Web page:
Years ago, local non-profit Main Street Gettysburg, Inc. reached out to the community to ask a critical question: What is missing from this town? The answer was a resounding cry for an accessible spot containing information about Gettysburg—and a public bathroom.
Jill Sellers, Main Street Gettysburg’s President and CEO, oversees the project that will hopefully fulfill these requests, the Gettysburg Welcome Center. Sellers hopes that the center will become a place where Gettysburg residents can interact with tourists, visitors can learn about local history, and downtown businesses can gain publicity. “It’s going to be a nice, clean space that will have visitor information, event information, and tour information, to some degree,” she summarized.
The center, to be located at 340 Baltimore Street, will be placed neatly in the center of town so that tourists and locals alike can reach it easily. The building’s staff will be comprised of a small, knowledgeable group that can attend to anyone who might enter, and Sellers hopes to incorporate town guides and volunteer positions as well. Information presented in the center will cater to tourists and locals alike, spotlighting upcoming events in Gettysburg and increasing publicity for its venues. Additionally, the center will provide maps to help people navigate the town with the goal of introducing all that Gettysburg has to offer to everyone who arrives.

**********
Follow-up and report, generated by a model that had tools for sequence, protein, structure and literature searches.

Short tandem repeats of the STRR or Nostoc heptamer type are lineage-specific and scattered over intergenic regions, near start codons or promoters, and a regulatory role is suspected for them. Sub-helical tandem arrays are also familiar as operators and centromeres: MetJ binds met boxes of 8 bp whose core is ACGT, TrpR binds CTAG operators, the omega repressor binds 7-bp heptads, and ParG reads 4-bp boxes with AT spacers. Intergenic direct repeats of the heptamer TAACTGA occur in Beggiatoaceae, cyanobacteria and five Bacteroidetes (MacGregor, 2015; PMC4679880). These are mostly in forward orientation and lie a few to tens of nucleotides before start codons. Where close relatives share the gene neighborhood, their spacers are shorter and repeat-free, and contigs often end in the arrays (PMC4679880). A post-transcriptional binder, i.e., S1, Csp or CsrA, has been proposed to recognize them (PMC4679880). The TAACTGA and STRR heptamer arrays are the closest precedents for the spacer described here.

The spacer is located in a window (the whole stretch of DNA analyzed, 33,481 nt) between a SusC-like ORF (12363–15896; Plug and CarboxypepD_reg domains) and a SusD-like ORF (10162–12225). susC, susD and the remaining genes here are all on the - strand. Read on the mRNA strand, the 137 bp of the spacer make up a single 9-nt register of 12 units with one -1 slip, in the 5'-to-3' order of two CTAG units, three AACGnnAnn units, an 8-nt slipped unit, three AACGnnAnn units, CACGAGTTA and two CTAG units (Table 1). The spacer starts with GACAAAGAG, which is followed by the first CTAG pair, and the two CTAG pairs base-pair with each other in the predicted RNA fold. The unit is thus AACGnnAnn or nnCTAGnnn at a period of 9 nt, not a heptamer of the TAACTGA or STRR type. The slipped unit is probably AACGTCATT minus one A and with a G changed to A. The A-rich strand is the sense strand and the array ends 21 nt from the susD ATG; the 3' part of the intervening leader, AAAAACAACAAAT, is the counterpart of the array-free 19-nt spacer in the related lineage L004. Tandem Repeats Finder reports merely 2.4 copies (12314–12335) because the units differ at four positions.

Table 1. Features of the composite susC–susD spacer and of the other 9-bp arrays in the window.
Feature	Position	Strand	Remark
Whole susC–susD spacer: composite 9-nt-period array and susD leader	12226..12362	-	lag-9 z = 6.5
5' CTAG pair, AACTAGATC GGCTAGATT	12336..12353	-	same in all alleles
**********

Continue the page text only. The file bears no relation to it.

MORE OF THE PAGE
The project aims to promote more than just economic growth, however. The Gettysburg Welcome Center will contain historical artifacts and details about the town, highlighting not only its indispensable role in the Civil War but also its progression from a small, rural village into the bustling landscape familiar to its residents. “We’re working with the Gettysburg Foundation and Adams County Historical Society to make sure that we’re telling a story,” said Sellers.
“My real hope is that it’s going to provide an anchor in the center of the historic district,” Sellers said. Since so many attractions are packed into the busiest part of town—which is only about a mile from end to end—people can spend an entire day exploring the heart of Gettysburg, and Sellers expects the center to become a “gathering point” for such explorers. Furthermore, the project promotes environmentally conscious tourism by making the entire historic district more accessible to foot traffic: if there is a public bathroom situated within walking distance of most stores, fewer people will have to drive in and out of town repeatedly while touring.
The center’s opening date “depends entirely on funding,” Sellers said. Main Street Gettysburg has been raising money for the Welcome Center since 2018, and recently contacted the U.S. Congressional Appropriations Committee to ask for a federal grant. Should Main Street Gettysburg receive this funding, construction could begin in January of 2024, and the center would open by 2026 at the latest.
Community members can contribute to the project at mainstreetgettysburg.org or by attending the 2023 Giving Spree, where Main Street Gettysburg is #65. The in-person Giving Spree event takes place on November 9 at Gettysburg Area Middle School.
“This community has already been incredibly generous,” said Sellers. “It’s just amazing to me, the people that see and share their love of this community.”
Rebekah Reaver is a senior at Gettysburg Area High School who is
honored to be interning with the Gettysburg Connection. They have been
a Gettysburg resident for 9 years and enjoy writing opinion pieces
along with free verse poems.